American singer-songwriter Meghan Trainor's track Dear Future Husband (released September 9, 2014) is patterned directly after Dion DiMucci's doo-wop classic Runaround Sue (released September 1961). Similarities include: spoken intro over whole note strummed chords, tempo (80 bpm), background vocal parts (same male group vocal "ahh" glissando at the breaks and "hey" accents during the verses), production/arrangement (e.g. handclaps, saxophone part, bass line, drum beat, etc.), and same classic 50s chord progression (I-vi-IV-V or 1-minor 6-4-5), keys (half step apart--Runaround Sue in D major, Dear Future Husband in C# major).
Miley Cyrus' controversial party-all-night hit We Can't Stop (June 3, 2013) bears a strong resemblance to MC Hammer's cover (released March 16, 1990) of the Chi-Lites 1971 soul classic, Have You Seen Her. Both songs are in the key of E major, have similar background vocal harmonies, and WCS follows a I-iii-vi-IV progression, while HYSH follows a I-iii-IV-V progression.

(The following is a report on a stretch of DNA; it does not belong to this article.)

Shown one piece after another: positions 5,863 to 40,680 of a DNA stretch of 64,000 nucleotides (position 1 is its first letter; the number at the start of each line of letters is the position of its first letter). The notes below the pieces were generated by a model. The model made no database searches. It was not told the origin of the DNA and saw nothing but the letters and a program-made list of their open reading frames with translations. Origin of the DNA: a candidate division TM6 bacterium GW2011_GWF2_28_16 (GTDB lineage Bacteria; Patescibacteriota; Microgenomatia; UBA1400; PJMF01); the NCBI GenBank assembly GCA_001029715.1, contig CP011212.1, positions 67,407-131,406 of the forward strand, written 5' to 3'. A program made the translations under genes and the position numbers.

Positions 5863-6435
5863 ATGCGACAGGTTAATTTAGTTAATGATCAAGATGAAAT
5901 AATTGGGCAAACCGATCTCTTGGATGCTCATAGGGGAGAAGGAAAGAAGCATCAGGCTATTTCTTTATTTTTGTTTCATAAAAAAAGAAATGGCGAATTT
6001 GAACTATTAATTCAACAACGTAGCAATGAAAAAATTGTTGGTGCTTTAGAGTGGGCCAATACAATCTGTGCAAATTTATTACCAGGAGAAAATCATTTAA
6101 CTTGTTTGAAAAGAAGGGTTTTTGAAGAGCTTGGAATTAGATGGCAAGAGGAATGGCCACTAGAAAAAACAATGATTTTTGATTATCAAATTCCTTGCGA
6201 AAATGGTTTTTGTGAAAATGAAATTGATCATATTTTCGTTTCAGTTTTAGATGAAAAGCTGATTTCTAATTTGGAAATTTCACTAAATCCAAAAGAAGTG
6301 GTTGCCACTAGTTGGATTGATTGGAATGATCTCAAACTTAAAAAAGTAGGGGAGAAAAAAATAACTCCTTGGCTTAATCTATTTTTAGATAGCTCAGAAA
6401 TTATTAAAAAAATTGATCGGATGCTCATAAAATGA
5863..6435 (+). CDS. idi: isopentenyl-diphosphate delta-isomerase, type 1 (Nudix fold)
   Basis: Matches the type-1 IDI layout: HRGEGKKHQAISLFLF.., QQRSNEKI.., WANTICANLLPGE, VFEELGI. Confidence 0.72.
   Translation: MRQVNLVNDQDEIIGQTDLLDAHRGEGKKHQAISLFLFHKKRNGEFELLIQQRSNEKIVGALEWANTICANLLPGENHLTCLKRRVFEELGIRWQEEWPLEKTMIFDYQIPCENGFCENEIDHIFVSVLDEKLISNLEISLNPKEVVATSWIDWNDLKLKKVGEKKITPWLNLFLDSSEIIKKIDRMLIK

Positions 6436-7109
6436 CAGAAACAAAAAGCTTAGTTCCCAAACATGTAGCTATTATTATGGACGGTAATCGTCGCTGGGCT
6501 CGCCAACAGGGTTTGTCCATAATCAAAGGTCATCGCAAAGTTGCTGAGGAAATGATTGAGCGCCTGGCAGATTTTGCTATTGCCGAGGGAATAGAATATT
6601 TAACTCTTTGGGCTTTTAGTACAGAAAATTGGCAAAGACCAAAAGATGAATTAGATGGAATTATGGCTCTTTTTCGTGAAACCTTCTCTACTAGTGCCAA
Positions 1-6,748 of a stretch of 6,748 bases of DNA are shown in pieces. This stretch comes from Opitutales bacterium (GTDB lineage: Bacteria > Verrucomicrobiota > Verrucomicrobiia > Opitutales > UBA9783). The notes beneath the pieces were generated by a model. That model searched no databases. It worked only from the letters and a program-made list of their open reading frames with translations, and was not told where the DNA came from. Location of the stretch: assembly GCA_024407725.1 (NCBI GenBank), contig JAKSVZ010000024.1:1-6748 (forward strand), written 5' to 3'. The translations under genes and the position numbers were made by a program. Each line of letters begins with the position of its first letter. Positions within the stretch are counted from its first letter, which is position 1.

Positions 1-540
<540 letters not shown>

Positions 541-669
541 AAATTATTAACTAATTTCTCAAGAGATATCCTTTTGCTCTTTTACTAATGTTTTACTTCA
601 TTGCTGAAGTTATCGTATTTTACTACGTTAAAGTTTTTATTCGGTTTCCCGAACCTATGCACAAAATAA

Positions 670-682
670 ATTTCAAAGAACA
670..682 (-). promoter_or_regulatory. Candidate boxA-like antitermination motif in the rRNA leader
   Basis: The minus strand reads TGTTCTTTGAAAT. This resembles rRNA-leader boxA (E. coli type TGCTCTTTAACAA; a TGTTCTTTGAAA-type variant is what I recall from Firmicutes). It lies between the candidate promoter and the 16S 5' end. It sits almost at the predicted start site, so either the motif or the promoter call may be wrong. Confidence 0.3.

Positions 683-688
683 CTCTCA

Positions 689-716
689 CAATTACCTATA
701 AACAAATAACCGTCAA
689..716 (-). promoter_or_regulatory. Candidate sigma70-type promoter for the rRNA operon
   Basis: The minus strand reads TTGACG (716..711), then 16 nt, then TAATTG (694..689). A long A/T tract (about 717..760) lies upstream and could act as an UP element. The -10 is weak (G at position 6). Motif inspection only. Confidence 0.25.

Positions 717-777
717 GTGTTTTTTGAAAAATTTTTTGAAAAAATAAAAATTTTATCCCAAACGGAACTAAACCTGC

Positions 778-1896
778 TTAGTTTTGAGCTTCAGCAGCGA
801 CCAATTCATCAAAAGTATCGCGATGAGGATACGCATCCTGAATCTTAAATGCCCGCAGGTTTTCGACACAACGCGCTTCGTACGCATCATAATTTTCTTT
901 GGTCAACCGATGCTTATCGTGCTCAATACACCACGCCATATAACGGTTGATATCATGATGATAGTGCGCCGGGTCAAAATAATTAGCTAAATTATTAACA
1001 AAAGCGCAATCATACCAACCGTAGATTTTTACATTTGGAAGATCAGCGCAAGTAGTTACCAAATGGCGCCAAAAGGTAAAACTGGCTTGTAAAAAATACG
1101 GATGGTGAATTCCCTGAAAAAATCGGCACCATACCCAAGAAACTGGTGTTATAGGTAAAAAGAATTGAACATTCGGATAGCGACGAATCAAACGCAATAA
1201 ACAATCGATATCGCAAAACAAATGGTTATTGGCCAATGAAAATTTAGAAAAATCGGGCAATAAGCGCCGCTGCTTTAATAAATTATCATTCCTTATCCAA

While Ed Sheeran readily acknowledges the influence of Justin Timberlake on his sophomore album, x, the lead single Sing (released April 7, 2014) references several classic songs including Mick Jones' guitar rhythm from The Clash's This Is Radio Clash (released November 20, 1981), the bass/groove from Rick James' Give It to Me (February 20, 1981), falsetto harmony from the Rolling Stones' Miss You (released May 10, 1978), chorus melody from Rod Stewart's Do Ya Think I'm Sexy (released November 10, 1978), and verse melody from Sisqo's Thong Song (January 4, 2000). Compare the vocal harmonies from Sing for the lines: "I need you darlin'/Come on set the tone/If you feel you're falling/Won't you let me know", with those of the background "oohs" from Miss You.
Probably best known as the theme to "Dawson's Creek," Paula Cole's hit I Don't Want To Wait was released in October, 1997 (the second single from her album, This Fire). Howie Day's track Collide was released in July, 2004, and was the second single from his album, Stop All The World Now. Between Collide's stuttered drum beat, folksy acoustic guitar strumming, and background "doo doo doo doo doos" (starting around :41), Day's song seems to owe a debt of gratitude to Cole (as well as to U2's One).